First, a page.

When Freshwater Tissue Co. was granted a water permit to make pulp, we were told that their permit could be revoked if they failed to meet a series of deadlines.  However, since Freshwater is not making pulp, these deadlines have not been enforced.  We naively thought that if they failed to meet these deadlines, the permit would automatically be revoked.  However, this is not the case.  Apparently, it is a lot of bother to revoke a permit once it is granted. 
A whole report must be written at great expense of time and money.  Then it must be submitted to 30 days public comment after which the Board must meet and vote on it.

Why does this matter?  We are not sure why Freshwater Tissue Co. is paying money to maintain this permit.  They cannot make pulp.  The permit only allows them to put storm water and pulp waste out the outfall. Even though they are not making pulp, presumably there are discharges into the Ocean.  These are not being monitored.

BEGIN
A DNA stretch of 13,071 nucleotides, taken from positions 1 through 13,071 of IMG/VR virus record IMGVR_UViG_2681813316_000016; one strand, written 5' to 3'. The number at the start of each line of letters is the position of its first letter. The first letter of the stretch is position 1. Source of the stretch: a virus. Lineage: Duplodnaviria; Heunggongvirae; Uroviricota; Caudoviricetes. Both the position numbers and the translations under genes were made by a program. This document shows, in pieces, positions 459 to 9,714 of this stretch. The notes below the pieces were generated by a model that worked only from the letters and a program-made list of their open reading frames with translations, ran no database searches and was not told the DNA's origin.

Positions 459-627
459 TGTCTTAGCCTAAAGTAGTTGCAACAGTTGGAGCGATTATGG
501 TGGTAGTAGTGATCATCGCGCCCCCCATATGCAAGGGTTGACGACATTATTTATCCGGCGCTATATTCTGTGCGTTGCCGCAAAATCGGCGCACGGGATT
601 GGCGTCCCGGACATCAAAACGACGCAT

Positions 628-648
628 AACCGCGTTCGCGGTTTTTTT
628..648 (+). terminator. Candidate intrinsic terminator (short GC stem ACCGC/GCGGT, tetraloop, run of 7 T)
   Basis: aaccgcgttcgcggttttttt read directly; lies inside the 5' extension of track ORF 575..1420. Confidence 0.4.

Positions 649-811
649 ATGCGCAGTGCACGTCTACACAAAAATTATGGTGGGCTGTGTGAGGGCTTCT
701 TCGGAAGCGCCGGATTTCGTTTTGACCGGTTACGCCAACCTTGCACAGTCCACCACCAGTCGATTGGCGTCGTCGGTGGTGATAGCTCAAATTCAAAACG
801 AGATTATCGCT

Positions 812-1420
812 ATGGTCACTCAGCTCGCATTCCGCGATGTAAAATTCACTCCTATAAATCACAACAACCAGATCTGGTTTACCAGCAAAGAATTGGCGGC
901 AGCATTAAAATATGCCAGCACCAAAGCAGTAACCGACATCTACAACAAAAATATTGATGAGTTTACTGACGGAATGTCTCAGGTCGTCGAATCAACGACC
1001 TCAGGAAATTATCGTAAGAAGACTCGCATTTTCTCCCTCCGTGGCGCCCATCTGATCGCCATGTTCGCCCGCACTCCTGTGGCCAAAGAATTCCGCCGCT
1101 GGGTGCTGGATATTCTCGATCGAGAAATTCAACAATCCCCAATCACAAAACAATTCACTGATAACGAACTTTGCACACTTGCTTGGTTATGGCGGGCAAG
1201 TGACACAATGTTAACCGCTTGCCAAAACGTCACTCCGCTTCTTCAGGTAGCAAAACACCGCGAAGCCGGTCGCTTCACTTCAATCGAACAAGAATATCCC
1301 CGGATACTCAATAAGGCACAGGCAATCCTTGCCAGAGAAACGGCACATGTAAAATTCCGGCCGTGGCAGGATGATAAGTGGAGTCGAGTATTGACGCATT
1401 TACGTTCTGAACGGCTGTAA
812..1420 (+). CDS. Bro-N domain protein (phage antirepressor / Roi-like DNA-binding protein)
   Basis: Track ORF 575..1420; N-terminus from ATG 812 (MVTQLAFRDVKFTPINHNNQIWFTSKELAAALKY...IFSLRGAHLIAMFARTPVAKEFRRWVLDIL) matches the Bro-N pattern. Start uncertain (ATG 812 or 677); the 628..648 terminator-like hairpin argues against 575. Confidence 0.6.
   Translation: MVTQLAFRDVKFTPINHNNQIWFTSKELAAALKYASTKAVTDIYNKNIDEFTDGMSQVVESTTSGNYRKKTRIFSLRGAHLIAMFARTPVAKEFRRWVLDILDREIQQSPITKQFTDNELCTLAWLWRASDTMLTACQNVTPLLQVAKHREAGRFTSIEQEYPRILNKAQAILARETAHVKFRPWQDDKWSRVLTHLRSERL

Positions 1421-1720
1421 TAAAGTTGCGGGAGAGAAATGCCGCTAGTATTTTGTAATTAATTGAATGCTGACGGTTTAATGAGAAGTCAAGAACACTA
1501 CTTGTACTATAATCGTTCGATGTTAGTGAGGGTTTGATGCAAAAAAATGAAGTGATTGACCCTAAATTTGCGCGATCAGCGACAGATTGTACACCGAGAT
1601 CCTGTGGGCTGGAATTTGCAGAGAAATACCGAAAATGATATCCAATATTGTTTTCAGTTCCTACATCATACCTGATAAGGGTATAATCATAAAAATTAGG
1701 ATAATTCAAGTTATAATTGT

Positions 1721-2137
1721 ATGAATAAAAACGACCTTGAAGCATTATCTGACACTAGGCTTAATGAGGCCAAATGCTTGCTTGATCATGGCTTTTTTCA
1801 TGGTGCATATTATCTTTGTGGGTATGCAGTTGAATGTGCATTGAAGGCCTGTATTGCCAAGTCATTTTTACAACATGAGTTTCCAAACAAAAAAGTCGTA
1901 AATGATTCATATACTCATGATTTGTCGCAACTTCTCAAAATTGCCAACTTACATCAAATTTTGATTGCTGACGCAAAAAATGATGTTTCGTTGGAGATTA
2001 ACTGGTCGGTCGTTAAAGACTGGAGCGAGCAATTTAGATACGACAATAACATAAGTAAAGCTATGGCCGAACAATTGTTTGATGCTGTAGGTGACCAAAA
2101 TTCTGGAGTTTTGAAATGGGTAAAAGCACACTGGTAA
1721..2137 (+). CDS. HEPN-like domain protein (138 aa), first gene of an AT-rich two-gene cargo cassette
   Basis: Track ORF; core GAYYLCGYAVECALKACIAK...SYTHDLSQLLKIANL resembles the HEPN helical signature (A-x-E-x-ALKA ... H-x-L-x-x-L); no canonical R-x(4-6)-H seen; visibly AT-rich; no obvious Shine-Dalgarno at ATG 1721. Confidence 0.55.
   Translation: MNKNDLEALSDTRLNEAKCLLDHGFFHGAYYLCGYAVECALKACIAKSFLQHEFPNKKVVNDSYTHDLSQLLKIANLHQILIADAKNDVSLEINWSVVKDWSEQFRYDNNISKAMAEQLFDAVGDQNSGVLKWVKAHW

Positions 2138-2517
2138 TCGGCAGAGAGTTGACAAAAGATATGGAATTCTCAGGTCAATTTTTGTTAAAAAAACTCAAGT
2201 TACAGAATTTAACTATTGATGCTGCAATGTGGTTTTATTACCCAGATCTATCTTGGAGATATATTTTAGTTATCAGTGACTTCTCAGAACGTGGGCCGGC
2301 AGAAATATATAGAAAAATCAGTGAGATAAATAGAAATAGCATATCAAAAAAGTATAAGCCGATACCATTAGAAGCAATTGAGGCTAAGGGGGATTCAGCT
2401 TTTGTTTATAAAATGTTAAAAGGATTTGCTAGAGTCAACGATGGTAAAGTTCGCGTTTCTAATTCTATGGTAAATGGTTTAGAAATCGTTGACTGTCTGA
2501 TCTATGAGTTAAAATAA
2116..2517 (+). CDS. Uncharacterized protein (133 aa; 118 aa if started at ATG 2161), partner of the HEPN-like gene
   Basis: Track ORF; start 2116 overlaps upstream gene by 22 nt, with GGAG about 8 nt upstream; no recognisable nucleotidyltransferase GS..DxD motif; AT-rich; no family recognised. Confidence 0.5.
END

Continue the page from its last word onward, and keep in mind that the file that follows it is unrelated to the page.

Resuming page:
What we have learned from the Samoa Pulp Mill is that permits once they are granted are hard to get rid of.  In addition, enforcement is weak.  It is a long way to Humboldt County from Santa Rosa, and expensive to send people here.  As funds become more and more scarce,  monitoring and enforcement will get weaker and weaker not just with Freshwater, but with other industries that make toxic byproducts.


49ers
6/15/2011 05:51:27 am

BOB
Suck our collective #^%@s

West
Sorry,,,,

Please keep up the pressure.
You will be blessed with future info.

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